Passenger Train Service
The historic Southern Crescent, now known officially as the Amtrak Crescent, runs twice-a-day between New York City and New Orleans with stops that include Toccoa, Gainesville and Atlanta ... an amenity that adds to the uniqueness of our beautiful city.
Download Amtrak Crescent Schedule
The Crescent connects Toccoa directly with the cities of New York, Philadelphia, Baltimore, Washington, Charlotte, Atlanta, Birmingham and New Orleans.
The Crescent stops at the restored Toccoa Train Station daily at 6:15 a.m. enroute to New Orleans via Atlanta and Birmingham, AL, and again at 9:40 p.m. enroute to New York vai Charlotte, Washington and Philadephia.
Formerly known as the Toccoa Southern Railway Depot, the train station is located at 47 North Alexander St. In addition to housing the Amtrak station, the depot is used today by the Toccoa-Stephens County Chamber of Commerce and Welcome Center as well as the Stephens County Historical Society.
The City of Toccoa began restoring the wood-frame depot in 2005 using a design by Carter Watkins Architects, Inc., of Monroe, Ga. The funding for the project came from several sources: $374,000 in ISTEA funds through the state DOT, which the city matched with $100,000, as well as $500,000 from the Stephens County Historical Society for interior work and for an addition to house the Currahee Military Museum. The new 4,400 square-foot space was dedicated in 2009 during the popular Currahee Military Weekend. It contains a large meeting room, gift shop, research library and office space. A train car houses a rail museum behind the depot.
The Crescent runs 1,377 miles daily from Pennsylvania Station in New York City to New Orleans Union Passenger Terminal in New Orleans, Louisiana as train 19 and returns, on the same route, as train 20. Most of the route of the Crescent is on the Norfolk Southern Railway. The Crescent passes through more states (including the District of Columbia) than any other Amtrak route.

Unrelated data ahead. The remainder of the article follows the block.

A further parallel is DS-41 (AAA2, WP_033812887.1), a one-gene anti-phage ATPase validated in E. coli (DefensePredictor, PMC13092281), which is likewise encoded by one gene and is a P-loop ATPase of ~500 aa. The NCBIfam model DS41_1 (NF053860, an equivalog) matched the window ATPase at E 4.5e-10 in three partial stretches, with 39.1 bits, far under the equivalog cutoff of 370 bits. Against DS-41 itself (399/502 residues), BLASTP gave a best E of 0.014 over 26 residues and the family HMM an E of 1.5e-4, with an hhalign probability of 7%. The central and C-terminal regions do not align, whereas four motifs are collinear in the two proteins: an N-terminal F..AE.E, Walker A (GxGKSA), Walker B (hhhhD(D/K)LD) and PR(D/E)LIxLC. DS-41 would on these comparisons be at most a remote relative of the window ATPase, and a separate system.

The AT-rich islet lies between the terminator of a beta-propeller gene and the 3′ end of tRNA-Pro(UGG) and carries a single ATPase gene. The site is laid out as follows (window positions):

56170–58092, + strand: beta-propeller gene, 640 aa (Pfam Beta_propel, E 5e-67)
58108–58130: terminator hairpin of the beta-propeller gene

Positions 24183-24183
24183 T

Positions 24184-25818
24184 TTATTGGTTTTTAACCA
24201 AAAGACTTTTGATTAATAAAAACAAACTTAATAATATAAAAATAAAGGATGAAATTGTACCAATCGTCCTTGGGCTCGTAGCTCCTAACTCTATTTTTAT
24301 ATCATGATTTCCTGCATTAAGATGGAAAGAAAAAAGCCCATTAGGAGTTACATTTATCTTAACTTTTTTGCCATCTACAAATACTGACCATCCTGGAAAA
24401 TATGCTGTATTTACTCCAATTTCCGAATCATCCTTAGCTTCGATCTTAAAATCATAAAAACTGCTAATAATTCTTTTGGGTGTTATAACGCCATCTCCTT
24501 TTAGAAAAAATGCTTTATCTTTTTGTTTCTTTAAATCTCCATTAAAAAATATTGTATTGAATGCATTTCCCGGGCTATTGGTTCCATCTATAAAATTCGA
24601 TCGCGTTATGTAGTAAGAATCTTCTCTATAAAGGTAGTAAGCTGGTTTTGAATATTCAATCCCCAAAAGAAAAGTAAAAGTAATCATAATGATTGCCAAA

Today's Crescent is the lineal descendant of the Washington & Southwestern Vestibuled Limited, inaugurated on January 4, 1891, by the Richmond and Danville. This Washington-Atlanta train was soon nicknamed the Vestibule because it was the first all-year train with enclosed vestibules at each end operating in the South.
The Crescent offers a unique window to the beauty and heritage of the American South. Travelers can tour Monticello or enjoy a wine tasting in the charming Virginia college town of Charlottesville. Or enjoy a stroll through the vibrant shopping and dining scene of Underground Atlanta. As you travel further south, you'll reach New Orleans, where you never run out of things to do. From jazz clubs to Cajun restaurants to Mississippi riverboat rides, the city was simply built to entertain.
When you travel on the Crescent, you can choose a wide, comfortable reserved coach seat or sleeping accommodations on Amtrak's comfortable Viewliner trains. Enjoy a hot dinner in the Dining Car, and mingle with your fellow travelers in the Lounge Car.
Scenic Highlights include vibrant northeast cityscapes, the breathtaking Blue Ridge foothills and the historic Louisiana bayou country. In cooperation with the National Park Service, volunteer rangers provide on board narratives between May and September on selected routes.
The depot was built in 1915, and the adjacent railroad line is even older. Built as the Atlanta & Richmond Air-Line Railway it reached Toccoa, the last stop in Georgia, in 1873. The railroad was later renamed Atlanta & Charlotte Air-Line Railway and in 1894 became the Southern Railroad, which still operates the line today.